If you are thinking about an ARM, it is important to be realistic. Run the numbers for a worst-case scenario and calculate your highest possible monthly payment. You might need to save during the initial low-interest period and put money away in case rates go up, or even make larger payments during that time so that the total loan is smaller when the interest rate adjustment occurs.

How long will you live in the home? 

If this is your starter home, and you only intend to live there for a short amount of time anyway, it makes sense to sign up for an adjustable-rate mortgage and take advantage of the low rates during the introductory period.

In what direction are interest rates heading? 

Talk to your loan officer and get their opinion on the market rates. Study trends and decide whether you can take on the risk.

Once you evaluate your needs and answer these questions for yourself, you will have a clearer idea of which option to choose. The FHA offers fixed and adjustable-rate loan options to borrowers and has the same qualification guidelines for both types. Contact your loan officer to take the first step!


Your Mortgage Payment Schedule Is Called Amortization
Information About the Balloon Payment
Reliable Borrowers Can Qualify for a Cash-Out Refinance
See Your Credit Scores From All 3 Bureaus
See Your Credit Scores From All 3 Bureaus

FHA Loan Articles

When not to Consider Refinancing a Home

There are plenty of reasons to delay plans to refinance a home. One reason has made big headlines. When borrowers face higher interest rates than originally approved for, that is a good reason to wait to refinance.

How FHA Construction Loan Draw Disbursements Work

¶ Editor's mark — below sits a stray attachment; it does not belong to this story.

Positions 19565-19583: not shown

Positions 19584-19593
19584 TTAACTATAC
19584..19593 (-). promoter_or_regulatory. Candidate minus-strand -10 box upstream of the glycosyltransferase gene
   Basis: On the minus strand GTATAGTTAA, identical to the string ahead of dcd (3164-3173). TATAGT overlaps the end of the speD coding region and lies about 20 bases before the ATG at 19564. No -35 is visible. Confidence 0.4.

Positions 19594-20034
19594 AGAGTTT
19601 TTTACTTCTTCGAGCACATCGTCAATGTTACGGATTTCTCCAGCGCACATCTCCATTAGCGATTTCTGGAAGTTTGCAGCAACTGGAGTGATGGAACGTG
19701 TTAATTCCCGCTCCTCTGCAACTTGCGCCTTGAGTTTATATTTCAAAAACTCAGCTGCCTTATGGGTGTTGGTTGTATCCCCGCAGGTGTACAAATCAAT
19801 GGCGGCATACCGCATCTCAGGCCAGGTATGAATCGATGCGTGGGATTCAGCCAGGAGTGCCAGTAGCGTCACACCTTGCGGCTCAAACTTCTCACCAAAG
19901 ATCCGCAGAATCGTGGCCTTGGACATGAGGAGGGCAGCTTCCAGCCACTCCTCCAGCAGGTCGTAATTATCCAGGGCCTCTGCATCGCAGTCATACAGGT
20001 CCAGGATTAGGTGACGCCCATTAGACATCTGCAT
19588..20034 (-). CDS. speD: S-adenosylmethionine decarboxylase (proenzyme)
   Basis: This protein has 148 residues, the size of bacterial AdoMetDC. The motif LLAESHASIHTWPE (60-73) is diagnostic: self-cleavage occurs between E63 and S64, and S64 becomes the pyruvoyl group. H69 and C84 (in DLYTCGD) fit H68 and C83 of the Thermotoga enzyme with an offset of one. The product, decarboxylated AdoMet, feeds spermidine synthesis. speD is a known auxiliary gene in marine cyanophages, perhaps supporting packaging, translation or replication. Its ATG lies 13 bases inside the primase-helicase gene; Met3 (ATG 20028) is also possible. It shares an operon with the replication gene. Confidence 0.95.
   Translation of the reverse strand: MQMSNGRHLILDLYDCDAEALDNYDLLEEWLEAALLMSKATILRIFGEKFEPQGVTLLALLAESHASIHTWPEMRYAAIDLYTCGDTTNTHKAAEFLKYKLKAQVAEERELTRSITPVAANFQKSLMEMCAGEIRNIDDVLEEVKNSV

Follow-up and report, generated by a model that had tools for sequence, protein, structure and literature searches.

When you are approved for an FHA One-Time Close Construction loan, you get a single loan that pays for both the costs to build the house, and serves as the mortgage. One application, one approval process, and one closing date.

Mortgage Rate Predictions for 2024

In the last days of November 2023, mortgage loan rates flirted with the 8% range but have since backed away, showing small but continued improvement. What does this mean for house hunters considering their options to become homeowners soon?

Is It Cheaper to Buy a Home With an FHA Loan or to Rent?

In May 2023, USA Today published some facts and figures about the state of the housing market in America. If you are weighing your options for an FHA mortgage and trying to decide if it’s cheaper to buy or rent, your zip code may have a lot to do with the answers you get.

Why Do FHA Loans Have Borrowing Limits?

FHA loan limits serve as a crucial mechanism to balance financial sustainability, regional variations in housing costs, and the agency's mission to promote homeownership, particularly for those with limited financial resources.

FHALoan.com is not a government agency. We do not offer or have any affiliation with loan modification, foreclosure prevention, payday loan, or short term loan services. Neither FHALoan.com nor its advertisers charge a fee or require anything other than a submission of qualifying information for comparison shopping ads. We do not ask users to surrender or transfer title. We do not ask users to bypass their lender. We encourage users to contact their lawyers, credit counselors, lenders, and housing counselors.

SecureRights Advertiser Contact Information